"For Sale. One decrepit motorcycyle in exceptionally
poor condition.
"Anyone who is fool enough lo think this is a good buy
i.s a fool and a moron."
The inspectors are i'he "eyes and
ears" of the central ministry of education.
During the war, Mr. Pritchard organized evacuation and kepi education going under difficult circumstances. He haa made an extensive
study of United States education systems.
Vancouver Symphony Orch-^z
Professor Henry Lucas from the
University of Washington at Seattle
will address the student body on
Monday, November 15 at 12:30 in Arts
100, Sponsoed by the Newman Club,
Pofessor Lucas is an authority on
medieval History ad i.s lire author of
several books on the subject. He will
speak on the Reformation and make
some remarks on an article appearing in Life mag'.'iziue some lime ago
on   liris subject.
Tickets to individual symphonies may
estra's second concert will be bc pUlChaSed at the door for 25 cents,
presented in the Armories to-
Roger Pederson, Literary and Sei-
•htil'ic Executive president, announces
that Jacques Singer will be musical
director and Albert Steinberg will
An interesting feature of this concert will be the invitation of 50 members of the Canadian National Insti-
lule for the Blind who will be given
reserved seats.
The program includes.
Wagner's Prelude to the Meisi'ersing-
er, Bach's Je.su, Joy of Man's Desiring,
Haydn's Symphony in D Major
iL'Imperial), Smetnaa's Bartered
Bi'ido Overture, Grenade's Intermezzo
from Goyscas, Saint-Saens' Bacch-
anale from Samson and Delilah,
Tschaikowsky's Waltz of the Flower's,
and  Romeo and Juliet  Overture.
Season tickets for the remaining
four' concerts in the series may be obtained   al'   AMS   offices   for-   75   oenls.
.  .  .  Musical  Director Page 2
Friday,    November    12,    1948
The Baity Ubyssey
Member Canadian University Press
Authorized  as  Second  Class Mail,  Post Office Dept., Ottawa, Mail Subscriptions—$2.50 per year
Published throughout tlie  university year by the Student Publications Board of the Alma Mater Society of the
University of British Columbia.
* %> *
Editorial opinions expressed herein are those of the editorial staff of The Daily Ubyssey and not necessarily those
of thc Alma Mater Society nor of the University,
%• if, #
Offices in Brock Hall.  Phone ALma 1*524 For  display  advertising  phone ALma 3253
EDITOR-IN-CHIEF   -   -   -   -   RON  I1AGGART
GENERAL STAFF: News Editor-, Bob Cave, Novia Hebert; Features, Ray Baines; CUP Editor,
Jack Wasserman; Photography Director, Ellanor Hall; Sports Editor, Chuck Marshall;
' Editor This Issue
letters to the editor
eport To Our Stockholders
Wo once promised ourselves that we would
never discuss Ihe problems of The Daily
Ubyssey in these columns since our obvious
function is to fjll our pillars of type not
with talk about ourselves, but with talk
about other people.
Next Tuesday, however, students will be
asked by the finance "probe" committee to
place restrictions on The Ubyssey which concern students as a whole as much as they concern us.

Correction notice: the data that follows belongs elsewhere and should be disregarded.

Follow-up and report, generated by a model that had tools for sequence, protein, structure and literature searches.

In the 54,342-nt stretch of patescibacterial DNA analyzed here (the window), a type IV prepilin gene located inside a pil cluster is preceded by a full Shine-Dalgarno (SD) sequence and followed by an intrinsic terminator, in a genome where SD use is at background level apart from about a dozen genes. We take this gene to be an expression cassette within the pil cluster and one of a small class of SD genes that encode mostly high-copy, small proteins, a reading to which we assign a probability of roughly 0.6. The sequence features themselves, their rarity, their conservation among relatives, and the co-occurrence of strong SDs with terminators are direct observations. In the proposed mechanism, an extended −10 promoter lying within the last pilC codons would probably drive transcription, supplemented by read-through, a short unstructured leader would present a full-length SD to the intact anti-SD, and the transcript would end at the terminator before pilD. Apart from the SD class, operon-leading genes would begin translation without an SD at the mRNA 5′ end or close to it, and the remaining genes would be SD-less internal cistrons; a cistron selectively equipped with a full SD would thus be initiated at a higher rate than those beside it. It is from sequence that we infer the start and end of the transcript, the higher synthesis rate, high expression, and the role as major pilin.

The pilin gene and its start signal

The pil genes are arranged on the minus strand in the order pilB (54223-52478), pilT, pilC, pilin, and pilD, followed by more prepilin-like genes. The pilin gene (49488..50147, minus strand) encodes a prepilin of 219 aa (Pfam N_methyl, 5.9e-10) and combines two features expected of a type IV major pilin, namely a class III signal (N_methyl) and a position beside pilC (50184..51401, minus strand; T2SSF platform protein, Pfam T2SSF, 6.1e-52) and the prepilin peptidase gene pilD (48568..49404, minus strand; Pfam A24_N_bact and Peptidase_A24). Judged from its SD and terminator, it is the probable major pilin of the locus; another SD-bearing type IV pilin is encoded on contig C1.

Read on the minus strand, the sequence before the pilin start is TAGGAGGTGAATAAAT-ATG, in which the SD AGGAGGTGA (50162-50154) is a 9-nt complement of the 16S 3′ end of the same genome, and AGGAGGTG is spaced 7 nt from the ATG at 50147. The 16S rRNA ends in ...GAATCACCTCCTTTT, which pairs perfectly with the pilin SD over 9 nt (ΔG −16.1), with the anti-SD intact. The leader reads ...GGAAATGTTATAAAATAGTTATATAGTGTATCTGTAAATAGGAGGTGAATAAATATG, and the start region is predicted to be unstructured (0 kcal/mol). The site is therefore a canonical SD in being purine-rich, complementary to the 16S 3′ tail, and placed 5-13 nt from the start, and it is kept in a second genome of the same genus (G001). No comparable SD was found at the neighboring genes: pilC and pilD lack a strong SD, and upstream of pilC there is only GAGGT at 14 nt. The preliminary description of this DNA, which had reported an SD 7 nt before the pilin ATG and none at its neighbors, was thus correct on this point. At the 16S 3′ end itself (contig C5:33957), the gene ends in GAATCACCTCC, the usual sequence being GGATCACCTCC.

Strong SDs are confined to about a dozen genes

The investigation committee set up to discover weaknesses in the financial structure
of thc Alma Mater Society will ask you to
give one member of Students' Council the
power to dictate what notice of advance
events shall be carried in these columns.
The co-ordinator of activities, a member
of council, would have the power to dictate
how much space should be devoted to each
forthcoming event, six inches to the Arts
Prom or seven to the Science Banquet, a full
issue perhaps to the next football game.
Last week the recommendation was presented to Students' Council by the probe
committee for endorsement. Students' Council turned it down. The member of Students'
Council who would have had the power, the
co-ordinator, vigorously opposed it. He didn't
want the power.
The recommendation will still be presented, however, to students at the general meeting Tuesday. Because the resolution was
framed by persons whose task it was to bring
financial stability to student government, their
logic is clear and it has some weight to it.
Members of the probe committee felt that
if the AMS is to be financially stable the
events on which  it hopes to make money
must receive adequate publicity.
Naturally The Daily Ubyssey is the medium to give most of that publicity. In the past,
members of the probe committee felt, The
Ubyssey had not always fulfilled that publicity function and money was lost on social
events. The logical conclusion was to assure
that adequate publicity would be forthcoming
irom I'he Ubyssey.
Members of Students' Council, when they
rejected the proposal, realized that such a
measure would not give you a better newspaper. It would not remove typographical
errors nor inaccuracies. They realized that
it is to the advantage of Ubyssey editors to
produce as good a newspaper as possible,
since many hope to continue in journalistic
They realized that if items are left out of
The Ubyssey it is because of the imperfections
of volunteer labor, just as the Mamooks often
forget to paint signs and Players Club people
sometimes miss their cues.
As a result, Students' Council will ask
your approval on Tuesday of an alternative
measure directly opposed to that offered by
the "probe" committee. They will ask that a
press relations officer be appointed to core-
late the work of Council and publicity media.
It is a sound measure which was supported
by this newspaper, It is sound because it is
workable, whereas laws making demands
which often cannot be met are not workable.
Support for the measure proposed by
Council and defeat of the recommendation
from the probe committee will constitute a
vote of confidence in student administration,
and their mandate to continue.
{The Daily Ubyssey ei.ietiu-
ors to print all letters received
from students but must reserve
the rigfa to edit all letters over
200 words.)
Dear  Sir:
... in regard to freedom of
speech   on   university   campuses.
I was . . . surprised. . . by the
recent publicity concerning that
matter as it relates to the University of Alberta, since there has
been no administrative action on
the  subject  this session.
We have a list of eight standing
regulations relating to various
student    activities.    These    reguia-
man   that   the   press   reports   were
very misleading.